ATP6V0C Membrane Protein Introduction

Introduction of ATP6V0C

V-type proton ATPase 16 kDa proteolipid subunit (ATP6V0C) is encoded by ATP6V0C gene, which is mapped to chromosome 16p13.3. ATP6V0C is the bafilomycin A1-binding subunit of vacuolar ATPase (V-ATPase), an enzyme complex that critically regulates the eukaryotic intracellular organelles acidification. V-ATPase is organized into two coordinately operating multi-subunit domains: a peripheral V1 domain where ATP hydrolysis provides energy for proton movement, and an integral membrane V0 domain where proton translocation takes place. ATP6V0C is the c subunit of the V0 domain. ATP6V0C is most abundant in brain and kidney.

Basic Information of ATP6V0C
Protein Name V-type proton ATPase 16 kDa proteolipid subunit
Gene Name ATP6V0C
Aliases Vacuolar proton pump 16 kDa proteolipid subunit
Organism Homo sapiens (Human)
UniProt ID P27449
Transmembrane Times 4
Length (aa) 155

Function of ATP6V0C Membrane Protein

Localized to many different membranes of eukaryotic cells including lysosomes, endosomes, Golgi-derived vesicles, ANF secretory vesicles, V-ATPase has well documented functions, including vesicle fusion with vacuoles and the acidification of eukaryotic intracellular organelles, that is essential for many intracellular processes, such as protein sorting, zymogen activation, synaptic vesicle proton gradient generation, and receptor-mediated endocytosis. ATP6V0C acts as a part of the proton channel of V-ATPases and is indispensable for the V-ATPase assembly and functions. It has been shown that ATP6V0C knockdown can inhibit vesicular acidification and sensitize cells to stress-induced cell death. In addition, knockdown of ATP6V0C in neuronal cells is shown to adversely affect autophagy-lysosome pathway function and cause the abnormal accumulation of ALP-associated substrates including α-syn and APP-CTFs, suggesting the relevance of ATP6V0C to age-related neurodegenerative disease. ATP6V0C can be degraded via the ubiquitin-proteasome pathway after being ubiquitinated by RNF182.

The predicted structure of ATP6V0C. Fig.1 The predicted structure of ATP6V0C. (Bienert, 2017)

Application of ATP6V0C Membrane Protein in Literature

  1. Mangieri L.R., et al. ATP6V0C knockdown in neuroblastoma cells alters autophagy-lysosome pathway function and metabolism of proteins that accumulate in neurodegenerative disease. PLoS One. 2014, 9(4): e93257. PubMed ID: 24695574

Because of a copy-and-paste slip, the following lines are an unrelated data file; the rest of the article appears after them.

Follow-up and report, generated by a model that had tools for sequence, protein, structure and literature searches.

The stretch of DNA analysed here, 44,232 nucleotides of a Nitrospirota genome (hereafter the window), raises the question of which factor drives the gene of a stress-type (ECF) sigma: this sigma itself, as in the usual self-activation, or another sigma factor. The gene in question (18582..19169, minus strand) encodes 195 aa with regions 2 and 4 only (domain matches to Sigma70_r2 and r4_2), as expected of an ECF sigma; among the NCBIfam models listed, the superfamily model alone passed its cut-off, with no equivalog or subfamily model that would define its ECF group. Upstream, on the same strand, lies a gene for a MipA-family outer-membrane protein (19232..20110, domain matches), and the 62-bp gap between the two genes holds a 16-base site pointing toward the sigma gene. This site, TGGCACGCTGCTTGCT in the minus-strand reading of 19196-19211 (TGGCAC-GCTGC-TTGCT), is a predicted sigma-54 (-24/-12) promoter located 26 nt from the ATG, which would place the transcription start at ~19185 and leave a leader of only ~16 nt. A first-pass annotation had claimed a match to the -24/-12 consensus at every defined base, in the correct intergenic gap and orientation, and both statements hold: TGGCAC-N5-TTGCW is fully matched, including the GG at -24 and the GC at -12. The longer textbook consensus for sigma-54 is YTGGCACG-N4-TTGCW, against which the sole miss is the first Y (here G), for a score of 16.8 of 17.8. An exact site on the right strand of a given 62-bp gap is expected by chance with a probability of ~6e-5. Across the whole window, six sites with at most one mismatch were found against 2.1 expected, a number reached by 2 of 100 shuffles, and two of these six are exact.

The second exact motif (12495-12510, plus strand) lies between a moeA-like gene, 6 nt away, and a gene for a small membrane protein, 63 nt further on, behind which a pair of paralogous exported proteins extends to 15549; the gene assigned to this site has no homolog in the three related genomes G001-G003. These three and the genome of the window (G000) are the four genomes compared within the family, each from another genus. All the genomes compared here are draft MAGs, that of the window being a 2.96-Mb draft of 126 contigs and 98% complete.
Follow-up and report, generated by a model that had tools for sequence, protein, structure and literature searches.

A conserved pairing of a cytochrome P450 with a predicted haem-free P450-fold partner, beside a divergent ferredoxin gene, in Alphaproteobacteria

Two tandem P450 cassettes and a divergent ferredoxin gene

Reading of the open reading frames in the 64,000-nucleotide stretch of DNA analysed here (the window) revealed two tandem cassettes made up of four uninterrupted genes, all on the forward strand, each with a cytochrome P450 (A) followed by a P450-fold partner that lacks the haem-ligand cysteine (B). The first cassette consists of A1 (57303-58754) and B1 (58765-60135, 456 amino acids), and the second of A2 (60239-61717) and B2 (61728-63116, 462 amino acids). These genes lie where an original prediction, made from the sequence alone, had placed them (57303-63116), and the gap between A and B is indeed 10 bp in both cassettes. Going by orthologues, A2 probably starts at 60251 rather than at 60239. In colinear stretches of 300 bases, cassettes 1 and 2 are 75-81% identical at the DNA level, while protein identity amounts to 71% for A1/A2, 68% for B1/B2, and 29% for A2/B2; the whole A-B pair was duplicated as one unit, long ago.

This article indicates that ATP6V0C may be associated with keeping constitutive and stress-induced alkaline phosphatase function, in particular, the metabolism of substrates which accumulate in age-related neurodegenerative disease. Additionally, it may be associated with disease pathogenesis.

  2. Pavelin J., et al. Systematic microRNA analysis identifies ATP6V0C as an essential host factor for human cytomegalovirus replication. PLoS Pathog. 2013, 9(12): e1003820. PubMed ID: 24385903

    This article finds that siRNA knockdown of ATP6V0C leads to almost complete loss of infectious virus production, suggesting that an HCMV microRNA can target a critical cellular factor required for virus replication.

  3. Lim J.H., et al. ATP6V0C competes with von Hippel-Lindau protein in hypoxia-inducible factor 1alpha (HIF-1alpha) binding and mediates HIF-1alpha expression by bafilomycin A1. Mol Pharmacol. 2007, 71(3):942-8. PubMed ID: 17178925

    This article suggests that a novel regulator of HIF-1alpha, ATP6V0C, regulates HIF-1alpha expression by bafilomycin.

  4. Liu Q.Y., et al. A novel brain-enriched E3 ubiquitin ligase RNF182 is up-regulated in the brains of Alzheimer's patients and targets ATP6V0C for degradation. Mol Neurodegener. 2008, 3: 4. PubMed ID: 18298843

    This article confirms that a novel brain-enriched RING finger E3 ligase interacts with ATP6V0C protein, suggesting that it may have an influence in controlling the turnover of an essential component of neurotransmitter release machinery.

  5. Jin D., et al. Dopamine release via the vacuolar ATPase V0 sector c-subunit, confirmed in N18 neuroblastoma cells, results in behavioral recovery in hemiparkinsonian mice. Neurochem Int. 2012, 61(6): 907-12. PubMed ID: 22265874

    This article indicates that ATP6V0C regulates dopamine release from gene-transferred striatal cells of parkinsonian mice and from nerve terminals in the striatum of dopamine neurons of normal mice, suggesting that it may be helpful as a rescue molecule in addition to endogenous dopamine synthetic enzymes in the gene therapy of Parkinson's disease.

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  1. Bienert S, et al. (2017). The SWISS-MODEL Repository - new features and functionality. Nucleic Acids Res. 45: D313-D319.

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